• Moiseyev V.G., Kozintsev A.G. Kraniologicheskie dannye o proiskhozhdenii uralo-yazychnykh narodov [Cranial evidence on the origin of Uralian-speaking peoples] // Etnograficheskoe obozrenie. 1998. No. 2. P. 140–150.
  • Murphy E., Gokhman I., Chistov Yu.K., Barkova L. Prehistoric Old World scalping: New cases from the Cemetery of Aymyrlyg, South Siberia // American Journal of Archaeology, Vol. 106 (2002). P. 1–10.
  • Sankina S.L. Novye antropologicheskie materialy k normanskoi probleme (Mogil’nik Kurevanikha-2) [New skeletal remains relevant for the Norse problem (Kurevanikha-2 burial ground)] // Etnografichsekoe obozrenie. 1998. No. 2. P. 150-156.
  • Sankina S.L. Etnicheskaya istoriya srednevekovogo naseleniya Novgorodskoi zemli po dannym antropologii [Ethnic History of the Medieval Population of Novgorod: Based on Skeletal Data]. SPb.: Dmitrii Bulanin, 2000. 109 p.
  • Sankina S.L. Antropologicheskii sostav srednevekovogo naseleniya Novgorodskoi zemli [Anthropological composition of the medieval population of Novgorod] // Narody Rossii. Antropologiya. M., 2000. Pt. 2. P. 5–65.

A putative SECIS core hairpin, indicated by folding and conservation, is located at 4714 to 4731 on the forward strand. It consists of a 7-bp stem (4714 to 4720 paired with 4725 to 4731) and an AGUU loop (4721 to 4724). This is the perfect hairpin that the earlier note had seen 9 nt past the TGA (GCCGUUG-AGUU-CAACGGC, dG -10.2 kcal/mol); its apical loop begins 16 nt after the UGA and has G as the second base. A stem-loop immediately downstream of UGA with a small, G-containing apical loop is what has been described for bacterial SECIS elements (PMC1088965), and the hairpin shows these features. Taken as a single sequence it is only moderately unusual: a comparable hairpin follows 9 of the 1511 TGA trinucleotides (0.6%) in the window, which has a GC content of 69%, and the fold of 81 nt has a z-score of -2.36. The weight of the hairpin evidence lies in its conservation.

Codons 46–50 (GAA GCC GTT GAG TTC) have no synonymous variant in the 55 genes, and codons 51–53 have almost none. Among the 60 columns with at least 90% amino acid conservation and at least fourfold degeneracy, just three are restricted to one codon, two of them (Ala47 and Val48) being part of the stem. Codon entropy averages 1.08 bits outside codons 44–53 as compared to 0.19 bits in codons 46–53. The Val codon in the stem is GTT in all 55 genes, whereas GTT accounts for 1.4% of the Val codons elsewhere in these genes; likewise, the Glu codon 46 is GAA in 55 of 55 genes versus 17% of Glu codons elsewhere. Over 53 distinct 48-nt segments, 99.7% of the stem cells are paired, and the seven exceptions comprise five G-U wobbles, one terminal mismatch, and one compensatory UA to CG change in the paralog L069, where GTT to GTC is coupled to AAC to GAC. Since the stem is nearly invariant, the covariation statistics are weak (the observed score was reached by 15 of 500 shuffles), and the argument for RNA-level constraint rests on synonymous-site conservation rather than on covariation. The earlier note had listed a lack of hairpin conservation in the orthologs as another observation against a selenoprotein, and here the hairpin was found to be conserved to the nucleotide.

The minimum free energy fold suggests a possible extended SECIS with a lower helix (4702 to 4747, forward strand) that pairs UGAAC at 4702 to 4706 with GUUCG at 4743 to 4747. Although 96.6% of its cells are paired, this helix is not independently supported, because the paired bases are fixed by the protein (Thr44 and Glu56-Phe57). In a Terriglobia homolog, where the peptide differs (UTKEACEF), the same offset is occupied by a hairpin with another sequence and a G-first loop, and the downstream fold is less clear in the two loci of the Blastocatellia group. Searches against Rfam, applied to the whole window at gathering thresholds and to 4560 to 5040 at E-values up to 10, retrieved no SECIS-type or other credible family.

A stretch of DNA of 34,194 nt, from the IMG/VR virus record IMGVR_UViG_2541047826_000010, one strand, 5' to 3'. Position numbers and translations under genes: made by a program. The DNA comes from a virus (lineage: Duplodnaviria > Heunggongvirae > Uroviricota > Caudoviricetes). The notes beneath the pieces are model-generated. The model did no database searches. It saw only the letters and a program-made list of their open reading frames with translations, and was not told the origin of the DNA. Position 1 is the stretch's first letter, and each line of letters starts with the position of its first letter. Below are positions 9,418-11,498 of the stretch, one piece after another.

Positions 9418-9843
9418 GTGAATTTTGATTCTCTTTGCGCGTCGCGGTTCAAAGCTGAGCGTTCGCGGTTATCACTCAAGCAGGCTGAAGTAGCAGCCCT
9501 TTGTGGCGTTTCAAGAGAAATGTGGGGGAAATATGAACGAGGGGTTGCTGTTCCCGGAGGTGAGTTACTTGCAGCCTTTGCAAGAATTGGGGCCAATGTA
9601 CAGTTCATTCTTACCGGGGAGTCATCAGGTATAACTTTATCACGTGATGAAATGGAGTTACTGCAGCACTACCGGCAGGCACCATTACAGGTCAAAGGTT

• Sankina S.L. Skandinavskie gruppy Drevnei Rusi [Scandinavian groups in Old Rus]  // Evropa i Aziya: Problemy etnokul’turnykh kontaktov. SPb., 2002. P. 131–149.
  • Sankina S.L. Antropologiya srednevekovogo naseleniya Russkogo Severa (X – XIV vv.) [Physical anthropology of the medieval population of northern Russian (10th – 14th centuries] // Paleoantropologiya, etnicheskaya antropologiya, etnogenez. SPb., 2004. P. 83–107.
  • Shevchenko A.V. Antropologicheskaya kharakteristika srednevekovogo naseleniya nizov’ev Volgi [Physical characteristic of the medieval population of the Lower Volga] // Issledovaniya po paleoantropologii i kraniologii SSSR. Leningrad, 1980. P. 139–168. (MAE Collection, Vol. XXXVI).
  • Shevchenko A.V. Paleoantropologicheskie dannye k voprosu o proiskhozhdenii naseleniya srubnoi kul’turno-istoricheskoi oblasti [Skeletal evidence on the origin of the population of Timber-Frame Culture] // Problemy antropologii drevnego i sovremennogo naseleniya Severa Evrazii. Leningrad, 1984. P. 55–74.
  • Shevchenko A.V. Antropologiya yuzhno-russkikh stepei v epokhu bronzy [Physical anthropology of southern Russian steppes in the Bronze Age] // Antropologiya drevnego i sovremennogo naseleniya Evropeiskoi chasti SSSR. Leningrad, 1986. P. 121–215.